In the first weeks of fourth grade, the year after his mom had died, Seth Feare, now an accomplished musician and a senior at Oak Park and River Forest High School, was in the music room, figuring out with his favorite teacher if he should take up an instrument that fall.

Understanding that Feare’s grandmother, Jan Salzman, couldn’t swing the added expense, the music teacher suggested Feare sign up for Providing Instruments for the Next Generation (PING!), the nonprofit group that provides instruments and music enrichment to low-income students in Districts 90, 97 and 200.

“Our core mission is to loan musical instruments to low income kids in grades 4-12 so that they can participate in the excellent band and orchestra programs in the Oak Park and River Forest public schools,” says PING! president Judy Weik. “In addition, we also provide enrichment through workshops for our 4th and 5th graders, mentoring for our middle schoolers, scholarships for summer music camp for middle schoolers, and private music lessons for our high schoolers.”

PING! was formed in 1998 by six forward thinking women with 14 loaner instruments. Now, the nonprofit has over 200 “lightly used” band or orchestra instruments they loan to students for an annual administrative fee of $20.

Initially, Feare veered towards the viola, but in the fifth grade, settled on the sax because he wanted to play an instrument he could put together.

“When I first got it, I took it out of the case, put it together, and didn’t realize that I had the reed backwards,” he laughs, “just because it had gotten delivered to our house, and I opened it up before anyone had had a chance to tell me anything about it, because I was so excited.”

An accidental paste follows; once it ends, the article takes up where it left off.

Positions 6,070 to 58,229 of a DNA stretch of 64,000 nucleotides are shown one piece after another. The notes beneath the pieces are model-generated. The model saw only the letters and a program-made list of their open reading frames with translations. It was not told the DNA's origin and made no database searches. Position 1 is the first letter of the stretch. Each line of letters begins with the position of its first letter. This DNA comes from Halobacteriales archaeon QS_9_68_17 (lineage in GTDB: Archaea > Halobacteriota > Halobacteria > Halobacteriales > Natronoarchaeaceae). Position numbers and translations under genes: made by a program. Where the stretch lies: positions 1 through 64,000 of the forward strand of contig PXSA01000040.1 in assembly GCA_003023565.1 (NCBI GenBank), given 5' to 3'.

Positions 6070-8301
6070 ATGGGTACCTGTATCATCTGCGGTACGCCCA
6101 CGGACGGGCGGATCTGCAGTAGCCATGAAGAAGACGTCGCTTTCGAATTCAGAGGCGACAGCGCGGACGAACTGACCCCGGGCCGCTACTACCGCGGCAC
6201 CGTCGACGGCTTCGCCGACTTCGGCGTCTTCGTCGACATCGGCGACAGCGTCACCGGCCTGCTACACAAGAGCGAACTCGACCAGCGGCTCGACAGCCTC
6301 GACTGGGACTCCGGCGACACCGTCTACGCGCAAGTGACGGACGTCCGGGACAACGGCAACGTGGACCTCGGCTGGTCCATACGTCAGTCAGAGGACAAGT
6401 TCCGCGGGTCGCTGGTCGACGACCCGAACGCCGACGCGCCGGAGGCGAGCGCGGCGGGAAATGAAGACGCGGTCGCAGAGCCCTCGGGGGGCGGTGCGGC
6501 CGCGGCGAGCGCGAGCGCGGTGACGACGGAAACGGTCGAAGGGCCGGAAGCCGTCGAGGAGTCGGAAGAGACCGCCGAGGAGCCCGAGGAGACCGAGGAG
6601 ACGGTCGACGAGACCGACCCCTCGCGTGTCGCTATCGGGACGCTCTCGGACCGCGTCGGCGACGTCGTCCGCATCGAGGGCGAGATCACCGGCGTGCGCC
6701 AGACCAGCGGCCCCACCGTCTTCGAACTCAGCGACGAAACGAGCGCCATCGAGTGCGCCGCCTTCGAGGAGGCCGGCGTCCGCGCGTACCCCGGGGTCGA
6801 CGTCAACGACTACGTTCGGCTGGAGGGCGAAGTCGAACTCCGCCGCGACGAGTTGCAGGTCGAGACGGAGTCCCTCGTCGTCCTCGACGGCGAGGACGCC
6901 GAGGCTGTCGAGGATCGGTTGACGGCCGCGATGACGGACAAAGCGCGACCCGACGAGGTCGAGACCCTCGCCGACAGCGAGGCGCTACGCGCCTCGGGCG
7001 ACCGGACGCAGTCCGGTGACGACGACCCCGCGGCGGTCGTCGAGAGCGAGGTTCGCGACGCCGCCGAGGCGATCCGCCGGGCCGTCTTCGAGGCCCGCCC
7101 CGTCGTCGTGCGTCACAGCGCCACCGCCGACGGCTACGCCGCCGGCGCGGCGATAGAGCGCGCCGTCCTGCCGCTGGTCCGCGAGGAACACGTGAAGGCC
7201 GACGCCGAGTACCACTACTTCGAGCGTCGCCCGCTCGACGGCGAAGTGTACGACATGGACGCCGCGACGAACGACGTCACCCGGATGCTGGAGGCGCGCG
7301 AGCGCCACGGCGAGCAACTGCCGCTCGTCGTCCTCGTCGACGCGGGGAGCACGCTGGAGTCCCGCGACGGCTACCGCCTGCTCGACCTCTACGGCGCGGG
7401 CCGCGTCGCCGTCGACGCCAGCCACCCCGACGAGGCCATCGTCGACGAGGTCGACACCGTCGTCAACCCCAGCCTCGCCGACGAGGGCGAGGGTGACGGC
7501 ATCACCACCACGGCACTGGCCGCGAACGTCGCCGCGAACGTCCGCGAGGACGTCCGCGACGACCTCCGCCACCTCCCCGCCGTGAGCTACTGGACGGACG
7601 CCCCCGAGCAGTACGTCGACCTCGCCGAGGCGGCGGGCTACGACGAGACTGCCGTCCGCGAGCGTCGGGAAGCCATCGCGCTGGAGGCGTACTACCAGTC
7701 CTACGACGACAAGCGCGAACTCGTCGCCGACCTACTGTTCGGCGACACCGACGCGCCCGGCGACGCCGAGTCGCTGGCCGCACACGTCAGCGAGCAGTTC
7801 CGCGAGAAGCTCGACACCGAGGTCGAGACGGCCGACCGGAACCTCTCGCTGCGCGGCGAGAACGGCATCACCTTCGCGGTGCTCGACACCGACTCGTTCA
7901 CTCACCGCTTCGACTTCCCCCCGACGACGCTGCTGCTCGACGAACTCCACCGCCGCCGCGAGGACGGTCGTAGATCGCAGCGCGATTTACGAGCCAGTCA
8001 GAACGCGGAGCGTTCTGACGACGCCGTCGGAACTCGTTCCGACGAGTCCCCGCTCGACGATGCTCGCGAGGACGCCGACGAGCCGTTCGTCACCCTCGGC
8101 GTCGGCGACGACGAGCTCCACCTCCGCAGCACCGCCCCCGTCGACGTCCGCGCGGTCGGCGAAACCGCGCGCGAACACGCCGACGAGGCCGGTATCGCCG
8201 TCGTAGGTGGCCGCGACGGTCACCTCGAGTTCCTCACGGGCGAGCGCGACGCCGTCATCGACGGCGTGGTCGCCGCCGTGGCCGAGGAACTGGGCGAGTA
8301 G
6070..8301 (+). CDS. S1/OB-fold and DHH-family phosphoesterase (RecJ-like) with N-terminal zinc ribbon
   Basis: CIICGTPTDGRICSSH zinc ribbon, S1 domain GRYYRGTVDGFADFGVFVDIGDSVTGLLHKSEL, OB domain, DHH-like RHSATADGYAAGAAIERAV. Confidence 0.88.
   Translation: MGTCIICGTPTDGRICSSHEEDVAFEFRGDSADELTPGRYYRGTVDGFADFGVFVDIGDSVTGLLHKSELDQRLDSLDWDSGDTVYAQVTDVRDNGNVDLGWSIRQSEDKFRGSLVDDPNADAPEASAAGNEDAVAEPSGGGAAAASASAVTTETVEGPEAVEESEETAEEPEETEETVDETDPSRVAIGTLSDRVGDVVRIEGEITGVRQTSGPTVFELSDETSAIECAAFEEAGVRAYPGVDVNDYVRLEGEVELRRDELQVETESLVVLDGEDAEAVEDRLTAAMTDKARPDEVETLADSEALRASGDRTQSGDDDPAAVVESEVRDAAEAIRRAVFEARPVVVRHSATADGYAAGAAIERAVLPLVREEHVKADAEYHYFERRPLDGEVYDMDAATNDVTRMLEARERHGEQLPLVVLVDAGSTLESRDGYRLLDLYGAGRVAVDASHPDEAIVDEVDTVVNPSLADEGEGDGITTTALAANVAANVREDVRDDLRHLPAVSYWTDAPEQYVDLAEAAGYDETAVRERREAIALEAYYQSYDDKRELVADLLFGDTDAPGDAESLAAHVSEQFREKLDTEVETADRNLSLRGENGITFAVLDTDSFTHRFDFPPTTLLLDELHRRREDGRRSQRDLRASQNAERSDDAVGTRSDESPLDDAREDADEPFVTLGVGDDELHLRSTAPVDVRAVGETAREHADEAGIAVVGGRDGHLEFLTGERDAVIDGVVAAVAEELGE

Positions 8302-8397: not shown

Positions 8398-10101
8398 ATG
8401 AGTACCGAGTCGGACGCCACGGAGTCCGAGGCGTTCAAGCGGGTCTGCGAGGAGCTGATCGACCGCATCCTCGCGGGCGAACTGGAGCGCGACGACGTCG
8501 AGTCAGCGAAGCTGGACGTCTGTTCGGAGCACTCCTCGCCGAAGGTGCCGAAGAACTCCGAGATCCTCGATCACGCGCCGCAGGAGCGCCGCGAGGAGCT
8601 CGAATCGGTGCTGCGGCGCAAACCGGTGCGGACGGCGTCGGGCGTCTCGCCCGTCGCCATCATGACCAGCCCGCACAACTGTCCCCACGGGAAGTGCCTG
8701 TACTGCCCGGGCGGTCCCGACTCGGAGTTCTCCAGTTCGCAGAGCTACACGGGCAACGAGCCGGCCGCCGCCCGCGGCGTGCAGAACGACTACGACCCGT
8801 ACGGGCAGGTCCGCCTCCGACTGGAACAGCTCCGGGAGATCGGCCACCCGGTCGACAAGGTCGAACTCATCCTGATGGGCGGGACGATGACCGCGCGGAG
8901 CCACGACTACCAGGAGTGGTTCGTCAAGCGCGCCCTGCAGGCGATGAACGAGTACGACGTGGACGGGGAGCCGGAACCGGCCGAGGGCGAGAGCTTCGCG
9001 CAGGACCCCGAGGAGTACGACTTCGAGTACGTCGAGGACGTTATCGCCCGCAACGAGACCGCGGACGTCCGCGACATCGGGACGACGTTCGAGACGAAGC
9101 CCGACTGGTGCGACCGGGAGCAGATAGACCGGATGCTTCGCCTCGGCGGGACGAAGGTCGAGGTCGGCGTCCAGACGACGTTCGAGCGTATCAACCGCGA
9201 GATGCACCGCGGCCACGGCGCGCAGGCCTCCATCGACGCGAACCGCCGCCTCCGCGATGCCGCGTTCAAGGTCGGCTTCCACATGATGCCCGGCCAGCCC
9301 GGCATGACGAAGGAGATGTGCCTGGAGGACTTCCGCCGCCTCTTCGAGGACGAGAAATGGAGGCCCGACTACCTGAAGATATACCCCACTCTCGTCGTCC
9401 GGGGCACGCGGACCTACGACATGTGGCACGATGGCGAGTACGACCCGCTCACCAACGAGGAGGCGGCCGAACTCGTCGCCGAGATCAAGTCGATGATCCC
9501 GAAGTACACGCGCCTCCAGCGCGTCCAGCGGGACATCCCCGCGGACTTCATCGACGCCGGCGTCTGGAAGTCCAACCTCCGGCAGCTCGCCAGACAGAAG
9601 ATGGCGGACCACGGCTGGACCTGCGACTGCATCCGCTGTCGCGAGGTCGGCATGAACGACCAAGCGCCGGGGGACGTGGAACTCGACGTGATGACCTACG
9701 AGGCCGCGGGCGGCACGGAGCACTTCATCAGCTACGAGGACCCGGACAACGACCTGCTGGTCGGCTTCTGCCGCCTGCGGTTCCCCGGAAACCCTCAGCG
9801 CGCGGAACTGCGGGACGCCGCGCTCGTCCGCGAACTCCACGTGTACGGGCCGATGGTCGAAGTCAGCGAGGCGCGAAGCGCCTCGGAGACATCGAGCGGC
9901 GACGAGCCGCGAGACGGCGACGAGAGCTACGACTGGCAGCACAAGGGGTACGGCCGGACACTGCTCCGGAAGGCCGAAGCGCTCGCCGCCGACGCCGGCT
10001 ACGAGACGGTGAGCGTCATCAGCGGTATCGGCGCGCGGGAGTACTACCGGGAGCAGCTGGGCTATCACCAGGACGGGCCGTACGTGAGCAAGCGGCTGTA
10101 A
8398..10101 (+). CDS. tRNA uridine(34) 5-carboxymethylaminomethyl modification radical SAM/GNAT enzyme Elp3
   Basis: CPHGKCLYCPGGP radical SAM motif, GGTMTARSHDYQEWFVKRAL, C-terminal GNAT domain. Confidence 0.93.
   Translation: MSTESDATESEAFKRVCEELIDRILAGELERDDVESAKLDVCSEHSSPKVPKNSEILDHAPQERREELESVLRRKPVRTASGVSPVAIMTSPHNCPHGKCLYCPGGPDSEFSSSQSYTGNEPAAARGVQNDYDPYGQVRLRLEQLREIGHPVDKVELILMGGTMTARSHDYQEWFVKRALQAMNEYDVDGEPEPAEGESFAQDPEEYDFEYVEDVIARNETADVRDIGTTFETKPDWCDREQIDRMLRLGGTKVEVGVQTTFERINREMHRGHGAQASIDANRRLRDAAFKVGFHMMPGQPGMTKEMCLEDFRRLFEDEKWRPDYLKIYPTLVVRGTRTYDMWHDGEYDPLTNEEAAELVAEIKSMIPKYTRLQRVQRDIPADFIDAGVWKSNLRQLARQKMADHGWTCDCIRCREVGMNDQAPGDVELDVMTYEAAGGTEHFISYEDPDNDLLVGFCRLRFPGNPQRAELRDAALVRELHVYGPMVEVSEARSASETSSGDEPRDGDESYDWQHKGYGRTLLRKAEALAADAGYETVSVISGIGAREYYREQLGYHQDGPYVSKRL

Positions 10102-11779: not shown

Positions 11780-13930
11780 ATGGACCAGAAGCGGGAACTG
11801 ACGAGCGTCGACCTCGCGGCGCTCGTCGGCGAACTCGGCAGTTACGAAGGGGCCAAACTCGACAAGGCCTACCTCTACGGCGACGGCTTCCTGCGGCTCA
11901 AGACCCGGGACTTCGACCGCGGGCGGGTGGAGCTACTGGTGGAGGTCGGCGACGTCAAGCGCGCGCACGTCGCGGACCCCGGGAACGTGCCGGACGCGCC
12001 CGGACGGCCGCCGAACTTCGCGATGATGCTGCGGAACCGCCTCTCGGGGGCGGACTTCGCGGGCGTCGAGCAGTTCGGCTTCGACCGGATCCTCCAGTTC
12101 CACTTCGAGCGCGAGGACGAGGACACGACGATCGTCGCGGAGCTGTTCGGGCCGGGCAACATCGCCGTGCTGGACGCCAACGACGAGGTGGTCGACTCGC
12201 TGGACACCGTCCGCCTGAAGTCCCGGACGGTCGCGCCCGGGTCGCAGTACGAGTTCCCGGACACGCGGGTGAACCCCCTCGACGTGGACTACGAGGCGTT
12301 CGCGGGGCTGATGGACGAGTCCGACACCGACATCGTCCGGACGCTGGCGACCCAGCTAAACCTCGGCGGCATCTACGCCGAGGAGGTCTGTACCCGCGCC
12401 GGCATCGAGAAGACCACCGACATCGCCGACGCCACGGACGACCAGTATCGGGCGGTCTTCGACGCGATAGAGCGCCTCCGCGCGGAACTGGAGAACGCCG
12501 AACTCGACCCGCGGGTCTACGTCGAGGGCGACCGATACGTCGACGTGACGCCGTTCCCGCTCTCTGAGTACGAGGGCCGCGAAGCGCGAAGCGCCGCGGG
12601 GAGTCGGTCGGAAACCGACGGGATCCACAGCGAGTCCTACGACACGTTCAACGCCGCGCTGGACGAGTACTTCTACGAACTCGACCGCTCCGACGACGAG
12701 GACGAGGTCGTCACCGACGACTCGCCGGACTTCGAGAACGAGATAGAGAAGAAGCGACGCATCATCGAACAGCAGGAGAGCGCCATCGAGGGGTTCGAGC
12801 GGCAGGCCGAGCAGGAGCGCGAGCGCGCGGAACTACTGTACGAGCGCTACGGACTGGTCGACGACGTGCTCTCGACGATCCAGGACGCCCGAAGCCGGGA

Likewise, at Irving School in Oak Park, Antwon Billups, now a junior at OPRF, had learning the jazz stylings of Charlie Parker and Sonny Rollins in his future sights. Thanks to PING! now jazz is jelling for him.

“I couldn’t really pay for a full instrument, so I went to PING! and rented it,” says Billup. “Me and music, in the beginning, it was kind of hard, and I couldn’t really get the rhythms down, but I gradually got better at it and because of PING! in the sixth grade I got a high school mentor, and she really helped me with articulation and rhythms and everything that I needed to play the saxophone, and I had her all the way through middle school.”

During middle school both Feare and Billups received PING! scholarships to attend separate out-of-state summer music camps, and in high school received funding for private lessons.

Looking forward to finishing high school, Feare is fond of the memories and excited about a future where he will probably study music in college.

“With PING there pushing you to play music, it makes you want to be more part of music and do something, rather than just sit there,” Feare says. “Having music in your life can change the way you feel, drastically, and with this organization here to help you along, that could be what will set you on the right foot in life whatever you want to do.”

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Deb Quantock McCarey

Deb Quantock McCarey is an Illinois Press Association (IPA) award-winning freelance writer who has worked with Wednesday Journal Inc. since 1995, writing features and special sections for all its publications....